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Will This Liquidity Flow Continue?
Fri, 8 Apr Pre-Open

On Tuesday, the Reserve Bank of India (RBI) cut its repo rate by 0.25%. This move was along the expected lines. However, what surprised was the RBI's assurance of steady infusion of liquidity. The central bank announced that it would infuse a large amount of liquidity. This will be done through either bond purchases or by buying dollars.

The central bank announced open market operations (OMO) to buy bonds to inject Rs 150 billion into the system this week. And from the data, it seems that the RBI has got this going good.

As an article in Livemint suggests, at the auction of treasury bills on Wednesday, the cut-off yield for the 91-day and the 182-day bills was below 7% for the first time since November 2010. Particularly, the cut-off yield that RBI set on 91-day treasury bills was 6.85%. This was recorded as 0.42% lower than the cut-off at the previous auction on 30 March. Further, the cut-off yield on 182-days bills was set at 6.93%. This was 0.24% down from the level at the previous auction on 23 March.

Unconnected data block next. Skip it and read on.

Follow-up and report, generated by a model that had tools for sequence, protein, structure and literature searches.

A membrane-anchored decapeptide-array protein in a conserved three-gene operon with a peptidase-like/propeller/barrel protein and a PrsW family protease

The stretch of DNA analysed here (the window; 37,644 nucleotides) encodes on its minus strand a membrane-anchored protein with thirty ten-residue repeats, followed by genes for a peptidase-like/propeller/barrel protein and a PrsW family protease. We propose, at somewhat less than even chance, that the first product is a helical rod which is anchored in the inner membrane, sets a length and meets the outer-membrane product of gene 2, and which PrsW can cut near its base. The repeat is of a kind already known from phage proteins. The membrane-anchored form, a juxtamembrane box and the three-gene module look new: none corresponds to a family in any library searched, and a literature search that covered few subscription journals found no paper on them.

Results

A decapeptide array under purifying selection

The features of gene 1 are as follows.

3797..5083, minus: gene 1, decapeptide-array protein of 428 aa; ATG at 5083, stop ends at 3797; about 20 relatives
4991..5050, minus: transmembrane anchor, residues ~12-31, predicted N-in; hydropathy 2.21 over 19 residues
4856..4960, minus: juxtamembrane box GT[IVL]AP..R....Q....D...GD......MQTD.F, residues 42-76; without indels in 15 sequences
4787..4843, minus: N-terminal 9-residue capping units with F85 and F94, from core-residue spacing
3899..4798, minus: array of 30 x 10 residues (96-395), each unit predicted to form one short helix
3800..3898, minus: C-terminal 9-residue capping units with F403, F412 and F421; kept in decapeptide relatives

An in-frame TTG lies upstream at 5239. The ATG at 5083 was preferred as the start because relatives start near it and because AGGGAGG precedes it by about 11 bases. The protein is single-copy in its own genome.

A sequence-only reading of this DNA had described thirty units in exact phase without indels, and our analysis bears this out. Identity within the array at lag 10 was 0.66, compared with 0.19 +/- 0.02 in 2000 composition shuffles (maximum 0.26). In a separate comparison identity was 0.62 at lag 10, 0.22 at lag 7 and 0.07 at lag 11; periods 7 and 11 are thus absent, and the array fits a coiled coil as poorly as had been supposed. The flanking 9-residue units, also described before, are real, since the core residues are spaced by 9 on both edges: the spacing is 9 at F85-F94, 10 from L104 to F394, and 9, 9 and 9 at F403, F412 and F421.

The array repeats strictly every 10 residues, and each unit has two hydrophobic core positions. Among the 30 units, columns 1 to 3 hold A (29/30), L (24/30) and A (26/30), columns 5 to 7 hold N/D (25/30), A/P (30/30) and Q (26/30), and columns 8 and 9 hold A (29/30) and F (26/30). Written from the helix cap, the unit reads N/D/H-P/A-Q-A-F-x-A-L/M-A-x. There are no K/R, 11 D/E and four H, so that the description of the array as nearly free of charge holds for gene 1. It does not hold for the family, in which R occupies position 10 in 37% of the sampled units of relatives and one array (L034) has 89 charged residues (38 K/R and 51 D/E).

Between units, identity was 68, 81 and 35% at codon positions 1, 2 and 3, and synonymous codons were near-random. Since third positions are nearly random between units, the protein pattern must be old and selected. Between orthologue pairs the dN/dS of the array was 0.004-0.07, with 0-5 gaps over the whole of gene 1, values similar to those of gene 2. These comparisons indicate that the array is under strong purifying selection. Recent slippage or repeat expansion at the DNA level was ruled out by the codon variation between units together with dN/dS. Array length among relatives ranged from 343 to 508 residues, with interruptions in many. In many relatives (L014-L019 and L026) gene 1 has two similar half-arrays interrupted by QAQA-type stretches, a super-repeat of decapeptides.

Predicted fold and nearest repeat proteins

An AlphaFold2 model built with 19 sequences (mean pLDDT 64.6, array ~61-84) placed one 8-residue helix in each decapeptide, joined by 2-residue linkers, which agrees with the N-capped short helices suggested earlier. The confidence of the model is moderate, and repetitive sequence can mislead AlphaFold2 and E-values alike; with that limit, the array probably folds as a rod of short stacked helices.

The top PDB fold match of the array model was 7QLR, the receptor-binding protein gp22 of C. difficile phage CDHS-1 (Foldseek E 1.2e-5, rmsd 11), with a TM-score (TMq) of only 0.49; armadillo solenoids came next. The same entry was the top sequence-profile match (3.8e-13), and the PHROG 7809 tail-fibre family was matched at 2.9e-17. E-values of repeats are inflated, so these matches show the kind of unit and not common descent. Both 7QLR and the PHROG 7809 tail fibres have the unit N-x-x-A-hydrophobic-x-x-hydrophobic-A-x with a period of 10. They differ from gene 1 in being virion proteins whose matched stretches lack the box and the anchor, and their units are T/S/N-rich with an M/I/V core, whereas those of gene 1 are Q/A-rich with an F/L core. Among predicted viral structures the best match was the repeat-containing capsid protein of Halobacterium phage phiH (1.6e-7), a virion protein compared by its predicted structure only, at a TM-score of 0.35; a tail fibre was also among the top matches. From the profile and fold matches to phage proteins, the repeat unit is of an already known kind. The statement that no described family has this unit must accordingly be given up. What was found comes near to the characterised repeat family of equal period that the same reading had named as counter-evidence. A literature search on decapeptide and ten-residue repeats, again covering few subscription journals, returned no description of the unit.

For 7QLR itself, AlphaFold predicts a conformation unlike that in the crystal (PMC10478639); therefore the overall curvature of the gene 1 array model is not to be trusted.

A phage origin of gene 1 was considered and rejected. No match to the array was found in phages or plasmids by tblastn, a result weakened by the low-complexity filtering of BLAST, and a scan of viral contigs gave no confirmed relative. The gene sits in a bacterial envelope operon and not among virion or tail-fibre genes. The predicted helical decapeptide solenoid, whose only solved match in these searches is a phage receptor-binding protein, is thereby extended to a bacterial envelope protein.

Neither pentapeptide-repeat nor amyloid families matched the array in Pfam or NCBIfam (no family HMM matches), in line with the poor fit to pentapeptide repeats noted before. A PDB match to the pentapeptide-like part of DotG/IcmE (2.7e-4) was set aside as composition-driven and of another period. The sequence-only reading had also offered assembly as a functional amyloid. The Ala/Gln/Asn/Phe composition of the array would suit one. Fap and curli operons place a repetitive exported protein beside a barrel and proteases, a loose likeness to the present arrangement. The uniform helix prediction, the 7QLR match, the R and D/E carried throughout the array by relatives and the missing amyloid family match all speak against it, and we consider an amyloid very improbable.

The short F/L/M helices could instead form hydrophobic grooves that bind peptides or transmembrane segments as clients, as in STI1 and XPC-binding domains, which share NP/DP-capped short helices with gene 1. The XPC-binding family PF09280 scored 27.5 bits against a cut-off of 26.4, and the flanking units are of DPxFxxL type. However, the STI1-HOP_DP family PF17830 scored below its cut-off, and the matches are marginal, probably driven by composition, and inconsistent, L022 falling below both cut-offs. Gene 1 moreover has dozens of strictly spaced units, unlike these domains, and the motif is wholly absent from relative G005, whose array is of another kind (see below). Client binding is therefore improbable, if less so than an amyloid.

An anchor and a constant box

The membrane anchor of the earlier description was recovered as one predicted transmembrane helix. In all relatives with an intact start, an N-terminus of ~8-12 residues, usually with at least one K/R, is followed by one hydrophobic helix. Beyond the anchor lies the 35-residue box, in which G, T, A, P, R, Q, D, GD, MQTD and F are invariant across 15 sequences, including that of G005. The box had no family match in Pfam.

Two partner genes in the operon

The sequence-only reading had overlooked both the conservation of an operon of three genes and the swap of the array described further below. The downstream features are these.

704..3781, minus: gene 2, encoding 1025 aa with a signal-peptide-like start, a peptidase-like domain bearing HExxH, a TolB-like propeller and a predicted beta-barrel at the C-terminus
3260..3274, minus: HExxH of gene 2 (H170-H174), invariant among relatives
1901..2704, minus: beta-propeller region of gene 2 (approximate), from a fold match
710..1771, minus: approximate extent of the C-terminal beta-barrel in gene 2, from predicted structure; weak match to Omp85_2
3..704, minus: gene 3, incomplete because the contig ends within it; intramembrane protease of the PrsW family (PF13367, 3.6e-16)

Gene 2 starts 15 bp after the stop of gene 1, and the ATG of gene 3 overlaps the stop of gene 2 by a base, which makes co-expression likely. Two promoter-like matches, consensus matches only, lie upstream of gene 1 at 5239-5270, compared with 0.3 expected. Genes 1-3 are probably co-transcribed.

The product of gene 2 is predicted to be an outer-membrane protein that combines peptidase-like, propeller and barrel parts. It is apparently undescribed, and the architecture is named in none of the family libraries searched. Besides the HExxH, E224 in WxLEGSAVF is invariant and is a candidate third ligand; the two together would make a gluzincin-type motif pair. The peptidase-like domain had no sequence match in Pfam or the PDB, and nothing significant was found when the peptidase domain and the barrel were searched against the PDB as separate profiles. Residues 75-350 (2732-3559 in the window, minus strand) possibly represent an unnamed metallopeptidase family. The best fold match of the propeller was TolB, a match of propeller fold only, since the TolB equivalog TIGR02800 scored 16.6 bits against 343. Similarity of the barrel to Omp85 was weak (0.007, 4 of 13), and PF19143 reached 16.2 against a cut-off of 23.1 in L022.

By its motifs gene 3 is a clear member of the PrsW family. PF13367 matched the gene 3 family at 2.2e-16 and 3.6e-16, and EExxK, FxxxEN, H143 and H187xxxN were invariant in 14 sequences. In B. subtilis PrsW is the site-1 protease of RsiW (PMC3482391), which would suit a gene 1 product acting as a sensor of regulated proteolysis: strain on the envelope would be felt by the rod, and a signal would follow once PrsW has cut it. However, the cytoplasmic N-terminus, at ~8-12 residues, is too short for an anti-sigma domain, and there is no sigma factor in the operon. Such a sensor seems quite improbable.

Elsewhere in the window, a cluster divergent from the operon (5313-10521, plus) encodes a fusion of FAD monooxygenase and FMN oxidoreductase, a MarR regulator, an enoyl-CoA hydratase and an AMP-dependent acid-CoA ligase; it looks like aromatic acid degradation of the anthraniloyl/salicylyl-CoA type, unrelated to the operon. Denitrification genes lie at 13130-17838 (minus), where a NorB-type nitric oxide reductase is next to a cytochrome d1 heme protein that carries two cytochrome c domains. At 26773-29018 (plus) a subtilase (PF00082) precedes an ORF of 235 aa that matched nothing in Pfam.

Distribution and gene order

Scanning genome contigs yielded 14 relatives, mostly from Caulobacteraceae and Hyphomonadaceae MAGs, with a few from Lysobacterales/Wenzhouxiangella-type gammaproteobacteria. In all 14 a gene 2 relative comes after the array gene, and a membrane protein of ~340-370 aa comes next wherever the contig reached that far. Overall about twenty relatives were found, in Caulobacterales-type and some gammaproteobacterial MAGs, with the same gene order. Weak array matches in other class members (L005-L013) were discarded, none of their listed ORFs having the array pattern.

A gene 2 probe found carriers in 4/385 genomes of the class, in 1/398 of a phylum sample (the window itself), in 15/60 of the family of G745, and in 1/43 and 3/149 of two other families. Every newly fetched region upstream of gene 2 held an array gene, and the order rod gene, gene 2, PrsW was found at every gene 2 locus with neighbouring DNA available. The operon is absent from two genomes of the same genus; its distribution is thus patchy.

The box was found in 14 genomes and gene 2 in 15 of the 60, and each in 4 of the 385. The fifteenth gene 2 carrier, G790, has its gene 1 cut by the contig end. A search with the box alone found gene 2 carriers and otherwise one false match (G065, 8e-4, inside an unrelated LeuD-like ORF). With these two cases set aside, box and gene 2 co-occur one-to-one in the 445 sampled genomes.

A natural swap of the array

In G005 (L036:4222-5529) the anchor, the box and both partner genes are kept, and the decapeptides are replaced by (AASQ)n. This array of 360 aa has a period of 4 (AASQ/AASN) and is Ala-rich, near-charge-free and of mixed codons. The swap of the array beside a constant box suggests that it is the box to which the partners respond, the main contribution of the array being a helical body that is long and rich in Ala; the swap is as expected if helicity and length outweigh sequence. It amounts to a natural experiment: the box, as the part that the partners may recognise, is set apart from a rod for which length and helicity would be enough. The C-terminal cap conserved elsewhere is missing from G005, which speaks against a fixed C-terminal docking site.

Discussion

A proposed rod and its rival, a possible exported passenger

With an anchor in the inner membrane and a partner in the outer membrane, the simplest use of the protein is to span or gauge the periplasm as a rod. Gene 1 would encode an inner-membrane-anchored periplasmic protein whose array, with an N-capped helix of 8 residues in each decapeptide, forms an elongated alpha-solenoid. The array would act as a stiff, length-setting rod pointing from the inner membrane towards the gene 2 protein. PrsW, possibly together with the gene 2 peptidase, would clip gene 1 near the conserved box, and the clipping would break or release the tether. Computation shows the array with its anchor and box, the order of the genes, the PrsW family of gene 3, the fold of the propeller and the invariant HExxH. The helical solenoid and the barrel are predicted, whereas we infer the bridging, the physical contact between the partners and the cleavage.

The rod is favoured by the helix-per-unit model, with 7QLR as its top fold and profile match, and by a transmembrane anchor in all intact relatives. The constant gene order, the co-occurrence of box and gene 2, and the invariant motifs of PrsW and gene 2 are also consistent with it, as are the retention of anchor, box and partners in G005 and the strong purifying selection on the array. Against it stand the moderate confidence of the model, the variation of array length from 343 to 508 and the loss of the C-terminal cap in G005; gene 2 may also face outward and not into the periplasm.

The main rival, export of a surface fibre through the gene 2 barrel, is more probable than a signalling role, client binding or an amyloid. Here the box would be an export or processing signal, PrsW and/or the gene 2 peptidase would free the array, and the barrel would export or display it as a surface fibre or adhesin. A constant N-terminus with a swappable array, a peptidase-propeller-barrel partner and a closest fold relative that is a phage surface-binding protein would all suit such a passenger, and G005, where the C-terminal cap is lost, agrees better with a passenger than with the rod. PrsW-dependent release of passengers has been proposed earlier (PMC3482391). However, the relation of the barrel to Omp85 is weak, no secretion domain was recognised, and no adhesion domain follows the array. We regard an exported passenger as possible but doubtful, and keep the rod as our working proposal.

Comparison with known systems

The above auction helped government borrow Rs 90 billion through 91-day treasury bills and Rs 60 billion through 182-day bills.

But it is not just government. Private firms also benefitted from the above move. It was reported that rates on commercial papers too fell. The rate on the three-month commercial paper fell below 8%. This was recorded as near-four month low levels.

So, the rate cut by RBI have led the interest yields on bonds and commercial paper go down. This has further led to lower borrowing costs for the government and private firms. And finally, lower borrowing costs have led to more borrowings that have ensured sufficient flow of liquidity for the government and private firms.

And this comes as a welcome breather for debt-laden companies. A continuance of the trend could eventually lead to a revival in the investment activity.

However, it is too early to say that the above trend will continue in coming days.

To start with, the question comes that where will the RBI get money to carry out these open market operations? Vivek Kaul has answered this in one of his recent articles. By doing so, he has compared RBI's liquidity infusion measures to the US Fed's quantitative easing or QE, dubbing it as the RBI's 'QE Lite' measures. You can read the entire article here.

Going forward, it will be important to watch out how the banks react to these measures and whether they would now be in a position to pass on the benefits to its customers. Whether or not the banks are able to lend more may depend on whether the banks reduce their lending rates commensurately.

Also, with divergent monetary policies across central banks, debt markets may have a choppy ride going ahead.

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Aug 18, 2017 03:07 PM

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